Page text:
Banana Peels Utility Is Displayed By Sarah Harbath In Her Effort For Sustainability

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Bananas are among the most famous and well-liked fruits apart from apples. Every year, the earth eats over 100 billion bananas. Per person, most consume about 30 pounds of bananas annually. Truly, the figure is enough to call out ‘bananas’. But what about the banana peels that we throw away after we finish eating the fruit?  

Usually, when thrown outdoors, banana peels can take as much as two years to decompose and biodegrade. The amount of banana peel that is thrown away is staggering. For example, German supermarkets throw away as much as 288kg of banana peels every 60 seconds. A third of one of the most popular fruits is the peel. Moreover, bananas are so popular, countries need exports to completely cover the fruit’s demand. Furthermore, it takes between 19 and 30 days for bananas to reach Europe from the plantations where it is grown.

So, the amount of waste that banana peels generate is alarming, right? However, relax, breathe and calm down. In fact, we can use these banana peels that we get from nature to continue the cycle. We can think of the peels as waste material and not food waste. Furthermore, this waste material can be recycled to make a natural material that is sustainable. Thus, this way we can also extend the lifespan of the fruit.

Sarah Harbath’s Work With Banana Peels

Therefore, Sarah Harbarth is a Swiss designer who is working on the potential of banana peels. She turned them into sustainable material for construction, naming it KUORI. The images showed in the article by Sarah Habarth show the products in detail.

banana peels

Harbarth managed to produce four completely different products from the peels. Moreover, the products are completely compostable. The first product from Harbarth is a pair of sunglasses. However, a marbled banana speckled frame is used for the pair instead of the usual tortoise-shell one.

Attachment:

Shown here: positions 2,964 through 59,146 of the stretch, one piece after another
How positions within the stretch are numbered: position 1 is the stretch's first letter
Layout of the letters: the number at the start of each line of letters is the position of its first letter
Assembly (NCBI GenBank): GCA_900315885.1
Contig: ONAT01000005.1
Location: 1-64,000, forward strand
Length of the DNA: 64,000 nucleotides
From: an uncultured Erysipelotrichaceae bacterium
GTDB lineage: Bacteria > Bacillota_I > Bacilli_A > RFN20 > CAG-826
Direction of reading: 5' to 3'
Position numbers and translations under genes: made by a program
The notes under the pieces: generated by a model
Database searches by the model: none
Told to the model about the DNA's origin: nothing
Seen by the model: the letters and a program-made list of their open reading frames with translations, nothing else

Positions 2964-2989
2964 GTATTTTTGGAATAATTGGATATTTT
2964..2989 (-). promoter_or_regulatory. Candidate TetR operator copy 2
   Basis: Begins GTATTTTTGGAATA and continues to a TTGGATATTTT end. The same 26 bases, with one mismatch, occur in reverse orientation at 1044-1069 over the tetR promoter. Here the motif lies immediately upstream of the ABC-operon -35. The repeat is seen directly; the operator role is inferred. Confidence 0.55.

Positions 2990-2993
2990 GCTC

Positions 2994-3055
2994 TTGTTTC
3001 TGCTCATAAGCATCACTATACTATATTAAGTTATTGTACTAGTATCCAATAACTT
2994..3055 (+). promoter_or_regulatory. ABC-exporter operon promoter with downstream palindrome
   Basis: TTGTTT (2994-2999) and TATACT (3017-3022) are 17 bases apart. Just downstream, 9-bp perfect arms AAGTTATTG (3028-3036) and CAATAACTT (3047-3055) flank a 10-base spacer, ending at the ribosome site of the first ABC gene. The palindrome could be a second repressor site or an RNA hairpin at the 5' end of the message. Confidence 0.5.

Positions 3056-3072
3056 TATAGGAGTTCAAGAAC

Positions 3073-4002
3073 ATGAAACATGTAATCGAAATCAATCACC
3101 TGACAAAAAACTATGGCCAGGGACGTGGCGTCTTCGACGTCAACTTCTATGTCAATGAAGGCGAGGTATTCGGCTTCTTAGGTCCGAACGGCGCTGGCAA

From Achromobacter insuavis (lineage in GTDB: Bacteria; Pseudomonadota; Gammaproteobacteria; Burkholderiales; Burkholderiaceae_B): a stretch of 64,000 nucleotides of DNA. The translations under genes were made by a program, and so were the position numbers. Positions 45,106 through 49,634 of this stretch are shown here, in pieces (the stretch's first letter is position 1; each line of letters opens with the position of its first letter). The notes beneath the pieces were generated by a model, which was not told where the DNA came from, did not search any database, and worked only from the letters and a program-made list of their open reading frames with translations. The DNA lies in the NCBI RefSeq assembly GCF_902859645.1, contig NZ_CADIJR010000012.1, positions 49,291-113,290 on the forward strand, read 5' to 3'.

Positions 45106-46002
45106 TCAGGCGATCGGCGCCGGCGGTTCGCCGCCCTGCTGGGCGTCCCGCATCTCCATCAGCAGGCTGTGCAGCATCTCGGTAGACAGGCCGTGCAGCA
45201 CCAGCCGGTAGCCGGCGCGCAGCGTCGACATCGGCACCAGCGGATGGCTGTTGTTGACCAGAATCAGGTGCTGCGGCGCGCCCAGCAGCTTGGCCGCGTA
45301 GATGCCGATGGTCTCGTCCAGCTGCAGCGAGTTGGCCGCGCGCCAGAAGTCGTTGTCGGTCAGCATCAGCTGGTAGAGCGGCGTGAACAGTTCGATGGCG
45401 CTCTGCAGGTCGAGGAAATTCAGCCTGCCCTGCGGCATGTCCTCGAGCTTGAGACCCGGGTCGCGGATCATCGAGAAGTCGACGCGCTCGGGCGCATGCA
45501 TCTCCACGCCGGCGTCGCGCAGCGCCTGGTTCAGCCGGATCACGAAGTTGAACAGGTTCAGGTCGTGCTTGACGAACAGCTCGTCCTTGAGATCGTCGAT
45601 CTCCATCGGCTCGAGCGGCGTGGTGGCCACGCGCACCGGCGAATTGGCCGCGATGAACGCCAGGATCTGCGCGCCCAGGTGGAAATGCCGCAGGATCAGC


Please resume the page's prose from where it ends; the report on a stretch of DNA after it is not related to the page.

Furthermore, for the second product, Harbarth combined banana peels and PLA materials that were recycled. As a result, she created a filament for 3D printing. One can use it to print whatever they like.

Harbarth then also created a shoe sole entirely out of banana peels and KUORI. This also gets rid of problematic microplastics being left on the ground when we walk with street shoes. In this product, Harbarth has replaced microplastics in shoe soles with recycled banana peels. Moreover, the soles not only keep the soil we tread on intact but also nourish it. 

The final product confronts the detrimental practice of producing leather goods. So Harbarth came up with a recyclable, sustainable, and vegan alternative to leather. She fashioned it into a strap for wristwatches.

The Urgent Need To Recycle 

Of course, environmental factors are significant when it comes to how long it takes for banana peels to degrade naturally. However, natural waste can be harmful to small scavenging animals that eat fruit peels. As such, it can end up injuring the whole environment. We must keep in mind that all the bananas we eat will end up as waste in the form of banana peels. Therefore, we should look to extend the fruit’s life cycle. 

Harbarth recognized the particular ways by which we harm the environment along with all the details. Harbarth made the products with this in mind as well as to combat the wasteful and harmful practice of harvesting animal skins into leather. These also include the construction of micro-plastic and 3D printing. As such, Harbarth created these products including trendy items like watch straps and phone cases.

Harbath’s solution to the problems is, thus, to use banana peels to make such products instead. The approach is a solution to how we dispose of non-recyclable waste. However, to actually make a significant impact, all of us need to pitch in.

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